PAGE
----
Four ways that God shapes our identity

Christian Today

The way in which we define ourselves is a key part of our culture. We identify ourselves by what we can do or things we like; with countries, football teams, jobs, churches, possessions, and celebrities.

So what makes Christians willing to identify so strongly with their faith? Bible scholar Paula Gooder tackled the subject of identity on Tuesday morning at Spring Harvest and gave four ways in which God shapes who we are.

God adopts us into his family

Looking closely at Ephesians 3:14-17, Gooder highlighted Paul's use of wordplay. "For this reason I kneel before the Father, from whom every family in heaven and on earth derives its name," the apostle writes. The Greek word for 'father' is 'pater', Gooder said, and out of all the Greek words for family, in his original text Paul chooses to use the word 'patria'. This comes from the root word pater, and is where we get our English words patriarchy and patriotic from. So when Paul says 'I kneel before the pater, from whom every patria in heaven and on earth derives it's name', he means it literally; we as a family have the name of the pater. Paul is saying that by definition, if you are a patria – which we as God's children are – you bear the name of the father.

Patria doesn't just refer to a nuclear family, either, Gooder said, but instead would have suggested to a Greek audience the idea of being linked into a huge family tree. "That's when you realise what is important in this passage," she explained. "When Paul is talking about patria, he's talking deeply about the nature of your identity."

In the ancient world, who you were was often defined by what your family was, so you were bound by your family's identity. In Paul's day, Jews would have identified Abraham as their father, while Gentiles would identify with Romulus and Remus, the founders of Rome, or Alexander the Great. But Paul is saying there is now one father, God, that we all share – no matter who we are or where we're from. "That's our story as Christians, as children of the father who gives us all the same name," Gooder said. "It's right at the heart of the Christian narrative."

God puts us in the same category as the angels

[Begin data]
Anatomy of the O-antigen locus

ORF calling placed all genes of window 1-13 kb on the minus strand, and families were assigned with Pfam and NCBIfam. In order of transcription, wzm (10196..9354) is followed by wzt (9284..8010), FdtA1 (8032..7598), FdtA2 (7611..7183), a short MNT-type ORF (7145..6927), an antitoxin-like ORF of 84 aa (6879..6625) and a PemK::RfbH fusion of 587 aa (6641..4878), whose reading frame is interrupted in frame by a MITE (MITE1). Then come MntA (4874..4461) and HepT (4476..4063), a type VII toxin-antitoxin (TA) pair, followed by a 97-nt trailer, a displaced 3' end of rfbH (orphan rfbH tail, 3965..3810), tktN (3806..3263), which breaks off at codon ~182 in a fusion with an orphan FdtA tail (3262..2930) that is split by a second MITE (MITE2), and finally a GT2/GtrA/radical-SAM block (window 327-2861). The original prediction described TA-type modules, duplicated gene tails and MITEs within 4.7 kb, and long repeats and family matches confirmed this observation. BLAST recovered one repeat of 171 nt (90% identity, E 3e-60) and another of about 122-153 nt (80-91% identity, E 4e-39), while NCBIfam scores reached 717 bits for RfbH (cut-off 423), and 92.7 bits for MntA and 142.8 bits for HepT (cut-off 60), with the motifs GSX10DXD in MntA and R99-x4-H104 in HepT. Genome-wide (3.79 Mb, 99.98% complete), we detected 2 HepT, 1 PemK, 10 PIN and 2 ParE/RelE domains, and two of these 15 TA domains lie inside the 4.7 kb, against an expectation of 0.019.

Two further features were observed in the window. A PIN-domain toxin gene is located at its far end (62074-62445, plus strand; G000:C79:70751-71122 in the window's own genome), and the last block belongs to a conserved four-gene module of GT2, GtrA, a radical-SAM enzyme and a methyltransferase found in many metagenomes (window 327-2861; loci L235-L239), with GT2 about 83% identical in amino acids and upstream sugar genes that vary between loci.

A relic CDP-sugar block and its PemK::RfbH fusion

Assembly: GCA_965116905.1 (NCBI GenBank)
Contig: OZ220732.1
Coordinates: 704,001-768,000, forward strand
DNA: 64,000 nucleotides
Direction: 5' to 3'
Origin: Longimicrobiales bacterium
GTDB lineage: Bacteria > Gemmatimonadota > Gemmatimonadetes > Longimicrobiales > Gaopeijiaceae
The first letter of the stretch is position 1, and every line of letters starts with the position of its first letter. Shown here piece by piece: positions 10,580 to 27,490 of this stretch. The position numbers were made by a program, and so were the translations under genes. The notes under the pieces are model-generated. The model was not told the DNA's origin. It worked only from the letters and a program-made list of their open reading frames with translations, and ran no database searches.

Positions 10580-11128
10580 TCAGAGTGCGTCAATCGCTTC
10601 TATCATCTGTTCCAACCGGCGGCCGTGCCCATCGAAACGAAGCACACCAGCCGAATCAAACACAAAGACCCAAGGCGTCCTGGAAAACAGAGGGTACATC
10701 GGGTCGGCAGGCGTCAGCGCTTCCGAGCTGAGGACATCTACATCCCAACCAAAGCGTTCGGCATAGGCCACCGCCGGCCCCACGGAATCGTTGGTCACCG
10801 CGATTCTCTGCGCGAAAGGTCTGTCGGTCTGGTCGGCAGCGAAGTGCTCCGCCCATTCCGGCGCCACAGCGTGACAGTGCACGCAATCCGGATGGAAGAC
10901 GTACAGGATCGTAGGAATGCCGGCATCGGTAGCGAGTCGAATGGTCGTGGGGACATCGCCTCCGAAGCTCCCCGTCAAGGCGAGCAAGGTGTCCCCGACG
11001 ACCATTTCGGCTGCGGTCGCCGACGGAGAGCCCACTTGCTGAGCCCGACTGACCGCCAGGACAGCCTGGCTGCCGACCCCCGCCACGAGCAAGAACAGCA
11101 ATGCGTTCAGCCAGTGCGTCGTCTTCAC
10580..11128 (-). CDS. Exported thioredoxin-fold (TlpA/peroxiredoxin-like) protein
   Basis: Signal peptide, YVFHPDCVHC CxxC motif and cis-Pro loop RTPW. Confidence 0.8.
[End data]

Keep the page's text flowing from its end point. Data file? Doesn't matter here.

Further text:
The reference to "families on heaven and on earth" may conjure up images of young cherubs resting on clouds, but there are "no chubby toddlers in heaven," Gooder said. "Those chubby toddlers [painted] in the Sistine Chapel are not found in the heavenly realms. Paul is not talking about a daddy angel, a mummy angel and a baby angel."

Instead, Paul is making the point that because of Jesus, we are now considered to be at one with angelic beings. "The angels in heaven are the same as we are – that's a really important strand within Judaism," Gooder said. "Angels have the same family tree...they come from the same source as we do, the same family tree. So every family whether angelic in heaven or human on earth has the same name, which comes from the father."

God gives to us out of himself

Paul prays that God will give the Ephesians strength "according to the wealth of his glory" in verse 16. His careful wording here reveals his prayer that God will pour out of himself the essence of who he is, and share it with us.

The Greek word for 'glory' used here is 'kavod', linked to the verb 'kaved' meaning to be heavy, Gooder explained. So God's glory is his weightiness; what you can understand about him, rather than what you can't. "God's glory is the bit of God our teeny human comprehension can understand, as opposed to the rest we can't get because it's beyond our imaginings. It's that which we can know about God," she said.

So when God gives to us according to the wealth of his glory and strengthens us with power by the Holy Spirit, he is giving us himself, and wrapping our identity up with his. He gives to us out of the essence of who he is.

God gives us a unique identity

One of the challenges of Christianity is not to try and be like everyone else, but to "deeply and profoundly" be ourselves. The task of being strengthened by the Holy Spirit (verse 16) is about learning to be what it is to be a Christian in our individual ways, and to grow into the person God is calling us to be. Paul never uses the Greek word for 'soul', Gooder noted, but instead calls it our "inner person": "What we need to recognise is the need to take seriously God's challenge to work on our inner selves, to be freed by the Holy Spirit to be truly and deeply who we really are."

"The power of the Holy working deep within will transform you," she continued. "We are introduced into a new form of breathing, and living. Christ will set up a permanent dwelling place in our hearts, and it will help us to think in a different way."